The next day they were coming out of the mountains into a conifer forested area and they began to experience mild earthquakes. Rounding a corner, they come across two Jishen Mushi (earthquake beetles). These 10 foot long beasties are 5+4 HD and do 2d8 with their mandible (25 and 38 hp). They could have just skirted the two as my reaction roll for the beetles had them indifferent and non-hostile but, when you have 18/92 strength everything starts to look like a nail. Did I mention both barbarians rolled 92s on their extraordinary strength percentiles? They vouched that they saw it (as God is my witness your honor). At first, they used their bows (and the Shugenja his staff sling) and pelted them with missiles. I’m sure I mentioned the masterwork bows that allow the barbarians to use their strength bonus for arrow damage? I couldn’t have forgotten that. Could I? But, three of the four arrows missed (or bounced off the beetle carapace, AC3) so, the barbarians decided to charge them with their swords. Unfortunately for them, they ran right into the beetle’s earthquake effect, failed their saving throws and both fell prone. The next round one beetle crunched one barbarian down to a single hit point in one bite with its mandibles; the Shugenja hit with a sling bullet; the barbarians again failed their saving throws and stayed prone. I let them attack from a prone position at -4 to hit. But, no hits on the barbarians part. The next round the Shugenja runs in to heal the barbarian and makes his saving throw to keep his feet only to be bitten by a beetle. This could have easily been the end for the Shugenja (with only 4 hit points) but, I rolled low and the Shugenja stayed up. They barbarians hit with their attacks this time did some serious damage to the beetles. The following round had the Shugenja cast cure light wounds on the hurt barbarian and otherwise no hits on all sides. Then followed several rounds of poor rolls on all sides with much gnashing of player teeth about the -4 for prone and how saving throws aren’t affected by their awesome stats. Oh, well.

Ultimately, the beetles were both slain and their ichor harvested for selling to incense makers. The barbarians were so taken with the thought of selling the ichor that they figured the whole carcasses of the bugs might be worth something. After lashing together crude sleds from fallen tree limbs, they decide to drag the beetle all the way into town effectively doubling the length of the journey.

Then another day of un-eventfulness followed by a huge storm (2 hp damage per hour out in the storm). A survival proficiency was rolled successfully to find an old bear den to hole up in and weather the storm. The next two days travel brought them out of the forest into civilized farmlands and cart paths. Again a monster encounter was rolled and this time I rolled a common Oni (which further reading determined is basically an Ogre Magi). So, another bridge (this time over a stream so how creatively I’m mixing it up), another blocked path, and this one wants revenge for the defeat of his brother. The OA common Oni is 8 hit dice with AC4 and I rolled 34 hit points. The barbarian that didn’t fight the first one said it was his turn to fight this one so we were off the races. The Oni fell in three rounds. Again, I rolled crummy but, did hit a couple times and did significant damage. Like the first, the barbarian could have died but, did not. There was much rejoicing.

The next day they made it into town and we called it a night. Bug juice and parts were sold and experience points awarded. They did well. Given that Oni are lesser spirits, the Shugenja got full experience for them and leveled up. The barbarians, needing more xp to level were nonetheless a good chunk of the way to level two. Everyone was pleased. It’s nice when you defeat high hit dice creatures at low levels. Next time I’m rolling the number appearing value for Oni (1d100) and watch them run away.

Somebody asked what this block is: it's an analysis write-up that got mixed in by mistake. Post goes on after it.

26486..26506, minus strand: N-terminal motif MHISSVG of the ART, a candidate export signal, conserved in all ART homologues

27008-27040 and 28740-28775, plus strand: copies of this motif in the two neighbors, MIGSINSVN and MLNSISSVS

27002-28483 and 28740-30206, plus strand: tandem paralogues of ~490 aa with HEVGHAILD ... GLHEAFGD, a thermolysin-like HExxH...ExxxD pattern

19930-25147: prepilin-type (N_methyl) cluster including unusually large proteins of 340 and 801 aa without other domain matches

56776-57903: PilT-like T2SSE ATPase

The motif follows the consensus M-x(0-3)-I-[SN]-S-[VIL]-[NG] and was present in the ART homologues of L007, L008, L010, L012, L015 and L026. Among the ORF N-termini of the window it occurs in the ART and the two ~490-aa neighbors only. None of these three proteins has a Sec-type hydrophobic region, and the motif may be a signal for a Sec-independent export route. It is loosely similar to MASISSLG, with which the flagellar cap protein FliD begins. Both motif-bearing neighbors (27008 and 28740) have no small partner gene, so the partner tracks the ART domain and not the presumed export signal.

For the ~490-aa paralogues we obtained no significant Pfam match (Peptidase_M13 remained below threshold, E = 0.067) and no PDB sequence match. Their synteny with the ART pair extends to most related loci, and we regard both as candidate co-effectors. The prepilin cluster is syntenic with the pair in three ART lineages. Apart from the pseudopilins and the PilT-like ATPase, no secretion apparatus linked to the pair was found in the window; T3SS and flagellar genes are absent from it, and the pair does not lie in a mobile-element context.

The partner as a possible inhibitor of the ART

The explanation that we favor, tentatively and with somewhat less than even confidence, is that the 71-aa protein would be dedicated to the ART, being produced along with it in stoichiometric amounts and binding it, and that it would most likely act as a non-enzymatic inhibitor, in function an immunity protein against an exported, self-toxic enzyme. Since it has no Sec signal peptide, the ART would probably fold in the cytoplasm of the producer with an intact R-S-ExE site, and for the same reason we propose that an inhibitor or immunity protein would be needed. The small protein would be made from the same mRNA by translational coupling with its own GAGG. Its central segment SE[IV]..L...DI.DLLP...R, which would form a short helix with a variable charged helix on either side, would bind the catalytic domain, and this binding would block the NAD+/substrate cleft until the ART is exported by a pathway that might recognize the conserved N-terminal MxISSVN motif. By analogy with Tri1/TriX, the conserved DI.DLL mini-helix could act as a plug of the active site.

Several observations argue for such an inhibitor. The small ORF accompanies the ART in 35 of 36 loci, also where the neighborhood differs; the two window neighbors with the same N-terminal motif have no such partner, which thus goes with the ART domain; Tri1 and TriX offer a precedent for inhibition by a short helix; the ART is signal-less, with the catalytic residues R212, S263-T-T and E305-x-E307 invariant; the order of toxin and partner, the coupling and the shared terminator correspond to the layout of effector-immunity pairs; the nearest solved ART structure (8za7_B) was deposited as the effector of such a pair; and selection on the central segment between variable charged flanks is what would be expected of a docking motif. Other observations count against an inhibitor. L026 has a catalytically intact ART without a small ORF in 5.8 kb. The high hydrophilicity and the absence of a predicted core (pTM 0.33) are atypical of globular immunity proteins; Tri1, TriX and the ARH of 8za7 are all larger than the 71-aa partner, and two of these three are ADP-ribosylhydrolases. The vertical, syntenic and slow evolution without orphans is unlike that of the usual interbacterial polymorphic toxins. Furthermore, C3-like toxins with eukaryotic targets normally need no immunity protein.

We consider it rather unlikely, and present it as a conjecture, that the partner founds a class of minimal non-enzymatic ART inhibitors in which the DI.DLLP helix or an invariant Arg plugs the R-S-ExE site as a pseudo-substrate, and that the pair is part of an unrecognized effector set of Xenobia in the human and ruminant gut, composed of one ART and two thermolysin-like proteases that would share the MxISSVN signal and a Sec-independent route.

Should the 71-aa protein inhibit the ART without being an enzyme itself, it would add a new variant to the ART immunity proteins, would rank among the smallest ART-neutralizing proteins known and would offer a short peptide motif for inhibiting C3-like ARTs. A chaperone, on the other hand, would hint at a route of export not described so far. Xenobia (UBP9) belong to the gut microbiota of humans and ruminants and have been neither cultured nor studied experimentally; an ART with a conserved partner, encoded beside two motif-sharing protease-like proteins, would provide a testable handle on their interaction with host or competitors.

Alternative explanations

Next session they will be signing on as ship crew and the potential mutiny and starting a life of piracy. Yo ho, yo Ho!


  • These guys like success and hate failure. They want superhero characters.
  • And, because of this, I will feel no qualm about throwing the results of the OA event tables at them. They will need to pick their battles.
  • The players and I had a nice discussion about 1st edition movement in combat, weapon length and charging rules. The result was one player acquiring a polearm. This nice because whether it is medieval Europe or Japan polearms were the most common weapon and they were common for more reasons than being inexpensive.
  • Savings throws really are slow to change. I am somewhat sympathetic about this. I mean why tie savings throws to levels when they sort of represent physical things (e.g. dodging)? I guess the idea was that experience of what and when to dodge is more important than the how of dodging. My players really hate that though as they feel it’s beyond their effect and all up to luck. I’m going to have to put more saving throw things in. The key is to avoid situations where saving throws need to be made.
  • I am kind of bummed about their choice of pirating reducing my exposure of using the OA encounter tables to develop family relationship threads as I’d hoped. But, maybe I can do a similar thing with the ship crews they encounter? Let’s look on the bright side.
  • I am sort of looking forward to them going to sea. I have rolled a few days’ worth of sea encounters and the tables are weighted heavily to encountering other pirates and sea creatures. There is little shipping encountered to steal so I don’t know what all those pirates are up to. I guess every merchantman is also a pirate if the chance allows.
  • I hated running random sandbox when I was younger but, am quite enjoying it now. Part of this is the simple realization that I don’t need to roll my random encounters at the table. Rolling ahead of time, gives a little extra time thinking how an encounter might be played makes a big difference. I don’t mean figuring all the details, I’m still rolling encounter hp at the table but, just some visualization on how it might go. These players are scream and leap sorts followed by shocked mewling if that sophisticated strategy doesn’t go their way. I think I’m getting used to it.
  • And, I should add, I much prefer dealing with suspiciously perfect supermen than grousing butthurt. So, kudos to them for finding a coping mechanism for last weeks defeat. I think I figured out the response.